Gail said…
I love that you are moving into your green/growing season as we are moving into winter! Our fall color is mostly blue skies and golden leaves with an occasional dogwood or viburnum for reds. gail
Anonymous said…
Gold was the color most prevalent this fall in Niagara Falls. But sadly, the trees are mostly bare and the perennials are turning to mush. Winter is creeping in with out the beauty to go with it.
Andrea said…
So there are also differences in color with yours and the other more colder climes. We also have some deciduous trees here, but leaves don't turn yellow at the same time, they just fall without much fanfare. We are deprived of these scenes but we have the advantage of having contiuous green colors around.
p3chandan said…
Nice to see your trees and plants beautiful in any season!
graceonline said…
Gorgeous stroll through an autumn landscape. Thank you so much! I am nearly sneezing with the dust and leaf mold, and enjoying the thought immensely, in my city-bound walls.
Beautiful colors! I especially like the California sycamore. Do they get the mottled bark? The walnut rows are very cool as well. I'm sorry to get to your post so late, a computer virus has shut me down for several days now. I'll have a post up in the morning if all goes as planned!
I love walnut trees, they always seem to be such wonderful shapes! Gorgeous yellows. Spectacular garden shrubs and trees are all very well and wonderful, but you can't beat a walk under full size natives, so much atmosphere!
It's funny, but I don't think of California for fall color, but you've proved that to be a misconception.
Janis said…
Lovely photos, "Town." However briefly, between heat and wind, always enjoy the fall colors, even down here in So Cal.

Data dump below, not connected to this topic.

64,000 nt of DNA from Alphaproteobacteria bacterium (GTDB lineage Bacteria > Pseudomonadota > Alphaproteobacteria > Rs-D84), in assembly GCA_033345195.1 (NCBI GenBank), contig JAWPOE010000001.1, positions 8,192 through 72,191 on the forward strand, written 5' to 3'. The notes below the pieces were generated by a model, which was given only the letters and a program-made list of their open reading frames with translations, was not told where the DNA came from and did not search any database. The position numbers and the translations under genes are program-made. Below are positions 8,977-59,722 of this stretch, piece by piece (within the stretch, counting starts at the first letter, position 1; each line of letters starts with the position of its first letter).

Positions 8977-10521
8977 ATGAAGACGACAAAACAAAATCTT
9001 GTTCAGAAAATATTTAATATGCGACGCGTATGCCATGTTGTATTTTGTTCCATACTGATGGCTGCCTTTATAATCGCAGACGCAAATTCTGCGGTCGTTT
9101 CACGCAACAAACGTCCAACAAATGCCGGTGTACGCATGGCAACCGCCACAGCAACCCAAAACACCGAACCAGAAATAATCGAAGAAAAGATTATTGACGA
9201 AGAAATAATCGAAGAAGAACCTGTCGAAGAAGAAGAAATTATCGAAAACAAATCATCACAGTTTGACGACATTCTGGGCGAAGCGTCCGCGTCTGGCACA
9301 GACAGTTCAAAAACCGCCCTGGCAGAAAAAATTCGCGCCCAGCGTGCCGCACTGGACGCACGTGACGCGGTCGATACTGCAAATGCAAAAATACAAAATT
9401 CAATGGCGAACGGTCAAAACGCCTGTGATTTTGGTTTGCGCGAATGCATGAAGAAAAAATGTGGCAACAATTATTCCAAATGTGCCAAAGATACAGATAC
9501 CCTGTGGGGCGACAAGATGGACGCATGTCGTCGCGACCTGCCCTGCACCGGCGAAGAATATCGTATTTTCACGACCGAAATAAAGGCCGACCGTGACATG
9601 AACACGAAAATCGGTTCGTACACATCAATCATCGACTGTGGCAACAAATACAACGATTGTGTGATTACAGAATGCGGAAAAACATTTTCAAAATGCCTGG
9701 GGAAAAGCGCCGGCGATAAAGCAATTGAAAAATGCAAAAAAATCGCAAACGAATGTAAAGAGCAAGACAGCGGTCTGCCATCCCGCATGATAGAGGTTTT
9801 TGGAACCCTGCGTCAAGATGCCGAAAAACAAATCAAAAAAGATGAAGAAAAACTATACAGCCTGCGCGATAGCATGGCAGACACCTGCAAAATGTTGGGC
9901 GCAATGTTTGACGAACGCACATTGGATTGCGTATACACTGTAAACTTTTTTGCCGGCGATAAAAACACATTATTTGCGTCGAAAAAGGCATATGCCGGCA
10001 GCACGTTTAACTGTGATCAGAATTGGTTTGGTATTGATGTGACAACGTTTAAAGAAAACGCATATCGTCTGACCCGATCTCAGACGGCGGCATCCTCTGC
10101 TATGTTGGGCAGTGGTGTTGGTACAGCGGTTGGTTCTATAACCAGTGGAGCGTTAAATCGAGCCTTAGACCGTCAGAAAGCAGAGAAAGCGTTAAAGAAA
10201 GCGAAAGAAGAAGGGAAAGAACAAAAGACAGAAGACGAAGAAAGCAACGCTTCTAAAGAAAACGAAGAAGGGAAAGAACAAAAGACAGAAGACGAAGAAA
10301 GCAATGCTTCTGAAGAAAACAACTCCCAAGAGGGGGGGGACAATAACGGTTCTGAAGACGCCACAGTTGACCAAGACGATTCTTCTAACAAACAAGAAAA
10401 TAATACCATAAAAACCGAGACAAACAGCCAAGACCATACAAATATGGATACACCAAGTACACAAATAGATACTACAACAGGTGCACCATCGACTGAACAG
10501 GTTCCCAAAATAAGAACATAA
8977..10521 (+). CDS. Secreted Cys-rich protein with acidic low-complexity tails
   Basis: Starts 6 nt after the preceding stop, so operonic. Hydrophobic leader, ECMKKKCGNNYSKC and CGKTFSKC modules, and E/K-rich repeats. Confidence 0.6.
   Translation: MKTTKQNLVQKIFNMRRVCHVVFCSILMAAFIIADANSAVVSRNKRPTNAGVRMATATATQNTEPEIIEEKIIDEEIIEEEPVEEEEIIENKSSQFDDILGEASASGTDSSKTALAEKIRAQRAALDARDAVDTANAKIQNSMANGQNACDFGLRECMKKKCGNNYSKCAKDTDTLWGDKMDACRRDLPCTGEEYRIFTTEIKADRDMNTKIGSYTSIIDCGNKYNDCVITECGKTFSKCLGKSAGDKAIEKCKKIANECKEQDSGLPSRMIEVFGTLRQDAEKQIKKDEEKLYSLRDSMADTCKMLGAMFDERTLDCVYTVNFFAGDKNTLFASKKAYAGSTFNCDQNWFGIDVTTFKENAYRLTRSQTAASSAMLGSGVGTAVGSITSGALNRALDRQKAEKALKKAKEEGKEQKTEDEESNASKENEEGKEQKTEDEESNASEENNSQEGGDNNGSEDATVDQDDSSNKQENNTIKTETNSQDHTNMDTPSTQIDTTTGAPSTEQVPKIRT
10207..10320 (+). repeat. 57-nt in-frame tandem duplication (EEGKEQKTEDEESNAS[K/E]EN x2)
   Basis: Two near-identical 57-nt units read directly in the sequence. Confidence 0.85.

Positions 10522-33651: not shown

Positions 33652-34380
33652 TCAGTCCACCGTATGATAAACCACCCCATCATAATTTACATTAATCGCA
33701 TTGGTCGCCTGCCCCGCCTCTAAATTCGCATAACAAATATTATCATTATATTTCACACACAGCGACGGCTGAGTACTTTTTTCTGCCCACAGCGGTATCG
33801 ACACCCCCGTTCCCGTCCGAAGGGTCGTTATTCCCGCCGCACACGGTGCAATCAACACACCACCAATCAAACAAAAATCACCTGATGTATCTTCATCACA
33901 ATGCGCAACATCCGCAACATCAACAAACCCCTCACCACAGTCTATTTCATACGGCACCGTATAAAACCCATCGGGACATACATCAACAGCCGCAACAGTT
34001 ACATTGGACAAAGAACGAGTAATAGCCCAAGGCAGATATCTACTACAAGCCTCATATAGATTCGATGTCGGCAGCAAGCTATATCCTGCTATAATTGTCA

Just to clarify your oak ID. Believe your photo depicts Quercus kelloggii (Black Oak.) It's leaves have somewhat jagged or spiney lobes. Your link goes to photos and description of Quercus lobata (Valley Oak.) In the linked photos of latter, you'll see smoothly rounded lobes, especially on close up. I'm not an expert, but I was recently tree shopping for a friend. And, Valley Oaks grow all around where I live. Both are precious!
Cindy said…
Ditto on your photo being the black oak with pointed lobes. And they do have lovely fall color. The walnut is English walnut because of the large size of the leaflets compared to the CA black walnut. The peculiar thing about CA fall color is that some plants respond to the upcoming winter cold by dropping their deciduous leaves, while others respond to the winter rains by putting on new growth. One of my favs this time of year is the evergreen coastal redwood which is getting some brown leaf tips to make room for new growth; more
at Dusty Cusp of Summer And then, of course, there is the fabulous seasonal clouds that are giving us great fall sunrises and sunsets.